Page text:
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The Subversive Tradition in Spanish Renaissance Writing Bucknell University Press, 2005 By Antonio Pérez-Romero

The appealing title of Antonio Pérez-Romero's study, reinforced by the book's cover art—Antonio Gisbert Pérez's 1860 Los Comuneros, Padilla, Bravo y Maldonado en el patíbulo—accurately define the discourse of, and reflect the consequences that often attend the countercurrents studied. Unfortunately, the 234 solidly researched pages do not necessarily convince; the arguments for extensive cultural subversion in the selected texts are weakened in part by the author's seeming condescension that relegates all disagreement to the arena of "elite" (sic) discourse, in part by overinsistence, and in part by refashioning earlier criticism.

The book consists of eight chapters and a conclusion: "Historical Discourse and the Subversive Tradition in Spain"; "Literary-Cultural Discourse and the Subversive Tradition in Spain"; "Triunfo de las donas and La historia de Grisel y Mirabella: Idealism and Aristocracy, the Gateway for Subversive Feminism"; "Carajicomedia: The Erotic Urge and the Deconstruction of Idealist Language"; "La Celestina and Inner Desire for Equality: The Search for Lasting Relationships as Existentialist Fulfillment"; "The Subversive Tradition and the Renaissance Revolt of the Masses: The War of the Castilian Communities"; "Alfonso de Valdés: The Subversive Tradition and the Creation of the New World Order"; "Lazarillo de Tormes: The Masters versus the Servants." This list is not merely descriptive but highlights an approach both Marxist and "liberatory" (the author's word, redolent of a liberation theology that I believe here serves as a critical undercurrent). The critical foundation per se is not in question; even though Marxist criticism no longer carries its earlier currency, it still offers a framework for social issues that inform many literary-cultural texts. What annoys is in large measure the author's vituperative rejection of readings that disagree with his, or those that are merely "literary" and do not incorporate an understanding of the social/sociological concerns of the period. One footnote in the chapter dedicated to Grisel and Mirabella refers to Cvitanovic's 1975 comment on a "new feminism," but Pérez-Romero adds: "but this label does not include significant subversive socioeconomic features" (250). Even if a critic refers to feminism, for example, if it doesn't offer a socioeconomic disquisition, the author dismisses it out of hand.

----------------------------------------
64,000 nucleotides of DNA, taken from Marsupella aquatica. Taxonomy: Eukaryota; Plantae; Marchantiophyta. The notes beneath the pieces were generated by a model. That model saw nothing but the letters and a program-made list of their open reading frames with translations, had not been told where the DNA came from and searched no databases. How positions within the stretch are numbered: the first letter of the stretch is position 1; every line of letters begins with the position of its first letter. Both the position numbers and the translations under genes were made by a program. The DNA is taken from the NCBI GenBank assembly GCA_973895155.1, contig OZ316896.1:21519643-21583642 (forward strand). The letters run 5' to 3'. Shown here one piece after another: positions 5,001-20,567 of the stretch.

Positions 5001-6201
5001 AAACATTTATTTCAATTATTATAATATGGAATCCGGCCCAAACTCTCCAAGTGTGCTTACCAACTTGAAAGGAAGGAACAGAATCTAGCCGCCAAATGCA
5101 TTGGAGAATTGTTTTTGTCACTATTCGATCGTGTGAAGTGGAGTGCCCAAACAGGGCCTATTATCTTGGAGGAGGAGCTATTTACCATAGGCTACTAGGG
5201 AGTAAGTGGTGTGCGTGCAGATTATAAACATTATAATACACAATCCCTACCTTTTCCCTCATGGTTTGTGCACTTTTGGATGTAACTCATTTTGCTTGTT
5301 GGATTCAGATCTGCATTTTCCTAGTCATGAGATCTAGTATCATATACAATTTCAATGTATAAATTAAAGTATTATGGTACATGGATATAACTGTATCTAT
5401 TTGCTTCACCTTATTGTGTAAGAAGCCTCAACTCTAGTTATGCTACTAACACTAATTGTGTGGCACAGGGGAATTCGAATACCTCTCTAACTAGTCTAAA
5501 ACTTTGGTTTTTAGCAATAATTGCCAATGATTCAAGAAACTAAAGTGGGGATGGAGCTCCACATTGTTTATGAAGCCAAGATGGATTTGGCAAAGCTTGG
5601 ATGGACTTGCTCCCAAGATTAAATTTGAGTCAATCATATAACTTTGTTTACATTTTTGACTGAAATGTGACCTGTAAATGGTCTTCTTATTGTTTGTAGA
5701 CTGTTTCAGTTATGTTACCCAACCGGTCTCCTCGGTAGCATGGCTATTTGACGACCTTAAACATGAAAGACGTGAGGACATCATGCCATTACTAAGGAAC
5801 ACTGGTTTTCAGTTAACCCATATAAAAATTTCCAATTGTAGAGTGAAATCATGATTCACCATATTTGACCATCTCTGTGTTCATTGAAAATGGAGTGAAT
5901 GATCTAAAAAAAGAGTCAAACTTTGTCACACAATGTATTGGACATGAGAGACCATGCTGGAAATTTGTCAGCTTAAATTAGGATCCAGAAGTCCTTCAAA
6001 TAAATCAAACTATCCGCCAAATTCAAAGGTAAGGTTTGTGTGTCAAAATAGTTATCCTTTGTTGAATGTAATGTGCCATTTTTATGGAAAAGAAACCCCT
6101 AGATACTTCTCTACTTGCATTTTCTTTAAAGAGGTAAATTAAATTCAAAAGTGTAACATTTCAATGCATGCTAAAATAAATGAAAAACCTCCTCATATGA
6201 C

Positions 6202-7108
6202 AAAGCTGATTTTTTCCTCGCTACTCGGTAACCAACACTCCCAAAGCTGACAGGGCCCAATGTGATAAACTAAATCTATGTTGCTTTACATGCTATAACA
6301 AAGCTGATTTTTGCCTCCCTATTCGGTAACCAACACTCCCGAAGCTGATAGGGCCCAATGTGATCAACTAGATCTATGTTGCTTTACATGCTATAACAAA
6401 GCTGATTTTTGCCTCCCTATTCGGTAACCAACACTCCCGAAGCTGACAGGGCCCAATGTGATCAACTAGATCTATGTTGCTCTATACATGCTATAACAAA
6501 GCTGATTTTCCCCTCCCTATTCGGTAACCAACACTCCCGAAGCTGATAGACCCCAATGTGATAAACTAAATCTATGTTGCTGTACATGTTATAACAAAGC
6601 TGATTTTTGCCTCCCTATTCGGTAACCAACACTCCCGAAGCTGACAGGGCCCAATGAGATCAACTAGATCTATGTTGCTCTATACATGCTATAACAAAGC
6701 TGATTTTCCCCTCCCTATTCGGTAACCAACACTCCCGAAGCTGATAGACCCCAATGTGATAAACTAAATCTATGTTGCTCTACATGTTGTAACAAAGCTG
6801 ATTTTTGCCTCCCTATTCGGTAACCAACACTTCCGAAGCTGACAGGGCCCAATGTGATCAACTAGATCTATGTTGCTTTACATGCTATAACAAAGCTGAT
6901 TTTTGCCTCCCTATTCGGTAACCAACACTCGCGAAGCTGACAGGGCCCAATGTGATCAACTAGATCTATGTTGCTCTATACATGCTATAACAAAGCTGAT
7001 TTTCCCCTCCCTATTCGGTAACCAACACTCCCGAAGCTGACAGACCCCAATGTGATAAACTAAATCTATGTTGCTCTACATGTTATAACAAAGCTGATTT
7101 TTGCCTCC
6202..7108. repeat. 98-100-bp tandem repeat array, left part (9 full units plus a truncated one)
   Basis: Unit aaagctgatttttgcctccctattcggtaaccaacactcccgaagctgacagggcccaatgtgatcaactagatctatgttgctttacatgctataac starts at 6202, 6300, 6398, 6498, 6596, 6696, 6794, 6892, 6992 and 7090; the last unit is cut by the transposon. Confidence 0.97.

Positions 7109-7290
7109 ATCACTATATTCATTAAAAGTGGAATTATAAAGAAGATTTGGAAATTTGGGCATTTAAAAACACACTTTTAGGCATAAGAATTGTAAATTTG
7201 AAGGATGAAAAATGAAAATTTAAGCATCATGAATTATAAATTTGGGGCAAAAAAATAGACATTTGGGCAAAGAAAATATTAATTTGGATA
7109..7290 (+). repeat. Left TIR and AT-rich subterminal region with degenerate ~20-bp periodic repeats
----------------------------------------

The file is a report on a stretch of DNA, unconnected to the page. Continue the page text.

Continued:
As prelude, Pérez-Romero utterly rejects postmodernism and subscribes to Christopher Norris's view of its arrogance and exclusivity (14). His moral compass in matters cultural and [End Page 282] political is Noam Chomsky (no argument here), yet filters the too-limited Chomskian readings through the Spanish linguist Carlos P. Otero. It is frequently difficult to distinguish Pérez-Romero's voice from Otero's synthesis. The odd comment occurs: "It is an interesting belief of Chomsky that intellectuals are the most thoroughly indoctrinated members of society and tend to internalize and believe state propaganda at face value" (20). Who these intellectuals are is never clearly defined, and if Pérez-Romero's readers are in the main students of Early Modern Spain, then we are—one hopes—intellectuals who have learned not to accept either dominant or subversive discourse at face value.

Pérez-Romero introduces each text with a review of the critical tradition but the ensuing analyses become a form of interlineal commentary: detailed chapter/section summary followed by critique, often with quotation in English or without additional supporting primary evidence. While this structure does enlighten the reader concerning the lesser known Carajicomedia, it becomes cumbersome to the point of frustration when engaging the Celestina and Lazarillo. Little new information evolves from these respective chapters, but at least Pérez-Romero does bring to bear important studies (such as Gerli on Celestina and Ricapito on Lazarillo) that have paved the way for him to continue to address class, feminist, and other socioeconomic issues.

Throughout the book the original Spanish texts cited are placed in the notes, when they would be better highlighted in the body with the translation to follow. Notes are copious to the point of overwhelming; in many instances ideas developed there could be synthesized and incorporated into the main body or omitted entirely, especially when they could initiate additional and fruitful studies of their own.

Antonio Pérez-Romero's often one-sided critical discourse in need of an editor well-versed in English—and Spanish—language style to clean up many infelicitous phrases, penchant for imperiously rejecting critical dialogue (ironically placing him in the same camp he criticizes for lack of social conscience), and general lack of synthesis mar what could have been a fascinating take on other voices that suffused the Early Modern period as Spain became a world power before succumbing to the Counter-Reformation. It requires too much effort to glean potentially insightful observations, and too much patience to wade through the author's dogmatic tone. One political ill should not replace another.

Charles Victor Ganelin
Miami University

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